A question about the couple who managed the household of Ricketts and Shannon led to a search for a study of Shannon's painting The Wise and Foolish Virgins. The painting, now in the Walker Art Gallery (Liverpool), is dated by Shannon: '1919-1920'. A large format oil painting, it measures 110.8 x 177.8 cm.
|Charles Shannon, The Wise and Foolish Virgins (1919-1920)|
Walker Art Gallery
(National Museums Liverpool)
|Charles Shannon, The Wise and Foolish Virgins (1920?)|
Herbert Art Gallery & Museum
This donation from Mr and Mrs A.E. Nicholls was added to the collection in 1962. Intriguingly, the donors bear the same surname as the servants of Ricketts and Shannon. These were Percy Nicholls and his (according to one source) Russian wife, who ran the household from January 1924 - they stayed until after Shannon's death. In January 1929, Nicholls was injured while hanging a painting, but not as seriously as Shannon who remained disabled for the rest of his life. For their good care, the Nicholls received paid vacations twice, one to Margate and one to Bognor and on the latter occasion 'Nicholls's cousin' came to help in the house.
Shannon needed constant nursing care and Ricketts himself was having a bad effect on his condition: 'Nicholls seems to have the best influence over him & I the worst' (letter to Mary Davis, 1930).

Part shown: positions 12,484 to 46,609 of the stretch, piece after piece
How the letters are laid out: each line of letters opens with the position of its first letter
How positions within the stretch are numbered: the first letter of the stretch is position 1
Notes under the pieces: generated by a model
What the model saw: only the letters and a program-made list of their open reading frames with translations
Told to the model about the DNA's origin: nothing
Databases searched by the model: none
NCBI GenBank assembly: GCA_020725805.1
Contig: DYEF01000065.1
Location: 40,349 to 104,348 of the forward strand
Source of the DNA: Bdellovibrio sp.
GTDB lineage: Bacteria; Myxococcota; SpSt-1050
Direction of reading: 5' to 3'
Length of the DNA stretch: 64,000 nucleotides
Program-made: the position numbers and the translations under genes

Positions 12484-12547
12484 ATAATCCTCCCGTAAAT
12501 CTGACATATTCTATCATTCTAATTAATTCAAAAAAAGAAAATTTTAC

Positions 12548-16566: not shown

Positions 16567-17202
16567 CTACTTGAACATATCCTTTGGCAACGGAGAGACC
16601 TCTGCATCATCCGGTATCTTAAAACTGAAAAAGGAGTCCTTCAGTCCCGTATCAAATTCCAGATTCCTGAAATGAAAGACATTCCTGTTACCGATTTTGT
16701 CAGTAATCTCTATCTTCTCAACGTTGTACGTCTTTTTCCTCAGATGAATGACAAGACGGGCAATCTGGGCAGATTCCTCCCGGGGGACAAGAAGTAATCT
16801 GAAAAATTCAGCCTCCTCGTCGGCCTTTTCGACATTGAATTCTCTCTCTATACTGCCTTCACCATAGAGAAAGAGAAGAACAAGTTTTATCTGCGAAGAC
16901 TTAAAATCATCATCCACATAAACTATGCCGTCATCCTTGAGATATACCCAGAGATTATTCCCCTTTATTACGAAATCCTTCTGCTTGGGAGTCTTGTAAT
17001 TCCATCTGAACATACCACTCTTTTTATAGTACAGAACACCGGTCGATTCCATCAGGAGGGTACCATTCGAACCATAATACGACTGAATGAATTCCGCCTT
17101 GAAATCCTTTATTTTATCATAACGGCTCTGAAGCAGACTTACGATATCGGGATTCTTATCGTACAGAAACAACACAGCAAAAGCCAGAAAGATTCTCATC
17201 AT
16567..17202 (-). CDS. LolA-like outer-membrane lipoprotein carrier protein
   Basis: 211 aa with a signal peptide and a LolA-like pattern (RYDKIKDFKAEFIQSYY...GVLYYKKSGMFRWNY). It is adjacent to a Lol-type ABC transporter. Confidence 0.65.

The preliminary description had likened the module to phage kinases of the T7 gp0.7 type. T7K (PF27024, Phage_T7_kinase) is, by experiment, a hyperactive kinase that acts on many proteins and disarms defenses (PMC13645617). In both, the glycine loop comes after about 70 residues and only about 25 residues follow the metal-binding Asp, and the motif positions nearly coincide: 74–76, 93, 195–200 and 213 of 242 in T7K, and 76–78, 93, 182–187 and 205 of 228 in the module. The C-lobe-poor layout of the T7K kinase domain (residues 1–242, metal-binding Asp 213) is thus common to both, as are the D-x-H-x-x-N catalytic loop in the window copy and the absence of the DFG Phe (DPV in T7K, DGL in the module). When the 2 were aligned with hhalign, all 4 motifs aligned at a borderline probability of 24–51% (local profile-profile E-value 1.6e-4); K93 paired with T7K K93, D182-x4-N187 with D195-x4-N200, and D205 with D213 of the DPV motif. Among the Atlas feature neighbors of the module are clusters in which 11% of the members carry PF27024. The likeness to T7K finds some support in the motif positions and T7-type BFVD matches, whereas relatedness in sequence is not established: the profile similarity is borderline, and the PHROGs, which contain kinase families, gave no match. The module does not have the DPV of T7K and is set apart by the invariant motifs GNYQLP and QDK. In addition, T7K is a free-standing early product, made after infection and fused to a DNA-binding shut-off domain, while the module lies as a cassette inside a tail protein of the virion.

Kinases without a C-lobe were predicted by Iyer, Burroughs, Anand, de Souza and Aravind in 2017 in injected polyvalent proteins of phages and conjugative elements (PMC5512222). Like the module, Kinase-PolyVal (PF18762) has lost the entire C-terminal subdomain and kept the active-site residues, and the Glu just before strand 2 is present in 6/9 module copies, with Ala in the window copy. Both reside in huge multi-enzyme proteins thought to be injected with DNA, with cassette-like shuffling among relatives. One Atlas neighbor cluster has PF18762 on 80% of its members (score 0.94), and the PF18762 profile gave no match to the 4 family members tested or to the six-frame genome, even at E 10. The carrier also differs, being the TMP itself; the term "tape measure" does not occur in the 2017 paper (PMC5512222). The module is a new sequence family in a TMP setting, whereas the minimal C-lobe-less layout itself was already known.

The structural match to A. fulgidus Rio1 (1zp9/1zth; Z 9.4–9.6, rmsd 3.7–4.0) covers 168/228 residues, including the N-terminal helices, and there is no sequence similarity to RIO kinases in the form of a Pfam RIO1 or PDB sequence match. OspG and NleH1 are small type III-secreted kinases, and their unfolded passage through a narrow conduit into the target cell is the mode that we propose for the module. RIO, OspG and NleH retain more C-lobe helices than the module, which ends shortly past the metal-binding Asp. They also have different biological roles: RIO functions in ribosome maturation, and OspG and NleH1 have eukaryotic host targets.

After Ricketts's death, friends arranged for Shannon to move to Kew (21 Kew Gardens Road), and the Nicholls also cared for him there until his death in March 1937. After Shannon's death, they continued to care for the house. It was bought by Sydney Cockerell who was eager for them to stay, probably to take care of his invalid wife, but they did not. They stayed until Cockerell moved into the house in August 1937 and still helped unpack and furnish.
On 30 May 1937, Thomas Sturge Moore wrote to Gordon Bottomley (see Gordon Bottomley-Thomas Sturge Moore correspondence, edited by John Aplin, published online by InteLex Past Masters):Cockerell has bought the house and wanted to take over the good Nicholls too, but Mrs Nicholls put her foot down and said they must have a change. But after having a post at the Nat Gallery waved before him by Lowinsky and one at the Law Courts by Gilchrist he may be reduced to washing buses.